Let’s see some more of these interconnected effects in action. By improving operational efficiency, offering less helps to improve labor productivity. Fewer products and promotions decrease the physical work in the stores. Employees don’t have to go back and forth so often between the selling floor and the storage room. They don’t need to keep moving things around and changing prices as promotion displays come and go. Here, again, there is a complex interaction between operations and the company’s investment in its people. We saw that offering less and doing it successfully (as model retailers do and as Walmart did not) depend on whether a company has invested in a well-trained and well-motivated workforce that can provide the necessary information “from the trenches” about what customers want and what they can do without. At the same time, offering less rewards investment in labor by making that labor more productive. Labor productivity is a very important metric for low-cost retail. The fact that one operational choice both requires and rewards an investment in labor is emblematic of why the virtuous cycle is indeed a cycle and thus emblematic of how the good jobs strategy works.
With fewer products and promotions, employees can also process customers more quickly at the checkout. Haven’t we all waited and fidgeted, with a combination of pity and aggravation, while some poor cashier tries to remember the product code for Barcarole romaine lettuce or to figure out what to make of two contradictory coupons? The low variety at model retailers makes the cashier’s job a lot easier. Avoiding tie-ups in the checkout line obviously makes customers happy, and you can be sure the cashiers don’t like having a line full of people glaring at them. Labor productivity is higher, which . . . allows stores to make better use of cross-training, which in turn has many benefits for employees, customers, and investors.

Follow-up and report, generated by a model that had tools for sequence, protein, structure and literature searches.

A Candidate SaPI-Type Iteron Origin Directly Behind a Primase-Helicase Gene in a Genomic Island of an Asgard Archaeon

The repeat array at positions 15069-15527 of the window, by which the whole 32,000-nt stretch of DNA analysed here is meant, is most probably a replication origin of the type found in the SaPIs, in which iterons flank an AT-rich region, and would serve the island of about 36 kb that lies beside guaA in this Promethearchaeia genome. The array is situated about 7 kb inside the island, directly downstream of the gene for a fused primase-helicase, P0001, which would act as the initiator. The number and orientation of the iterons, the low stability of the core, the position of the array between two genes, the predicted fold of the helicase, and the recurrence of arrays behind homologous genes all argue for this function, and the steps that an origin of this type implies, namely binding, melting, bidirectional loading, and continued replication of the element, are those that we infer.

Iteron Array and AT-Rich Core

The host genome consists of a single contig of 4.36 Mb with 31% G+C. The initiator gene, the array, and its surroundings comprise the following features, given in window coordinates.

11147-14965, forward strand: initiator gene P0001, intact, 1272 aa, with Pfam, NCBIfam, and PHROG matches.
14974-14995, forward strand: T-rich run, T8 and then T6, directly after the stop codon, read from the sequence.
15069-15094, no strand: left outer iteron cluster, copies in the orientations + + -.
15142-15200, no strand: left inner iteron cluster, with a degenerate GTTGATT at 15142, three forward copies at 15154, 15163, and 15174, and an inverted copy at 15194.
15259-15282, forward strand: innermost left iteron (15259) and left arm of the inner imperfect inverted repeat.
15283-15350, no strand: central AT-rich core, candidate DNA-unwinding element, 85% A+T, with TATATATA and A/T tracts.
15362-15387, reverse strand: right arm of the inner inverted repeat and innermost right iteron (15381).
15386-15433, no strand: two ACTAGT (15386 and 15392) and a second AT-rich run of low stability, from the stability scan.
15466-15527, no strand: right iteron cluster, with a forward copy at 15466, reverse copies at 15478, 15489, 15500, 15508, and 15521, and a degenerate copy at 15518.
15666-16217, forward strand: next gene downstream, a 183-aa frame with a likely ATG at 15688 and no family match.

Offering less enables retailers to leverage their investment in employees in still other ways. When Trader Joe’s doesn’t carry a particular product that a customer wants, or it is simply stocked out of it, its knowledgeable employees can recommend something else–and the customer feels that the employee really knows what he’s talking about. (This makes the employee happy and motivated, too.) Hence, an investment in employees’ knowledge can be a substitute for an investment in inventory–a great deal for retailers. And investment in employees’ knowledge has cumulative effects that an accumulation of inventory will never have. In short, investment in employees yields more “return” than investment in inventory.
Companies that successfully offer less also leverage their investment in employees to better understand what their customers want. We will see later what employees who know what their customers want can do for their company’s profits, growth, continuous improvement, and ability to capture strategic opportunities.
Offering less even gives employees greater job security because it increases efficiencies and reduces waste. When there’s waste–which means higher costs for the company– labor is often the expense to be cut. That’s largely what drives the vicious cycle: seeing labor as a kind of fat that’s easy to trim. But when retailers reduce waste by offering less, employees benefit because now there is more to spend on them. Model retailers know–they don’t just believe, they know–that by spending more on their employees, they are investing in their own success. That’s what powers the good jobs strategy.
This article is an excerpt from The Good Jobs Strategy: How the Smartest Companies Invest in Employees to Lower Costs and Boost Profits and is reprinted with permission.
—Zeynep Ton is an Adjunct Associate Professor at MIT Sloan School of Management and author of The Good Jobs Strategy: How the Smartest Companies Invest in Employees to Lower Costs and Boost Profits.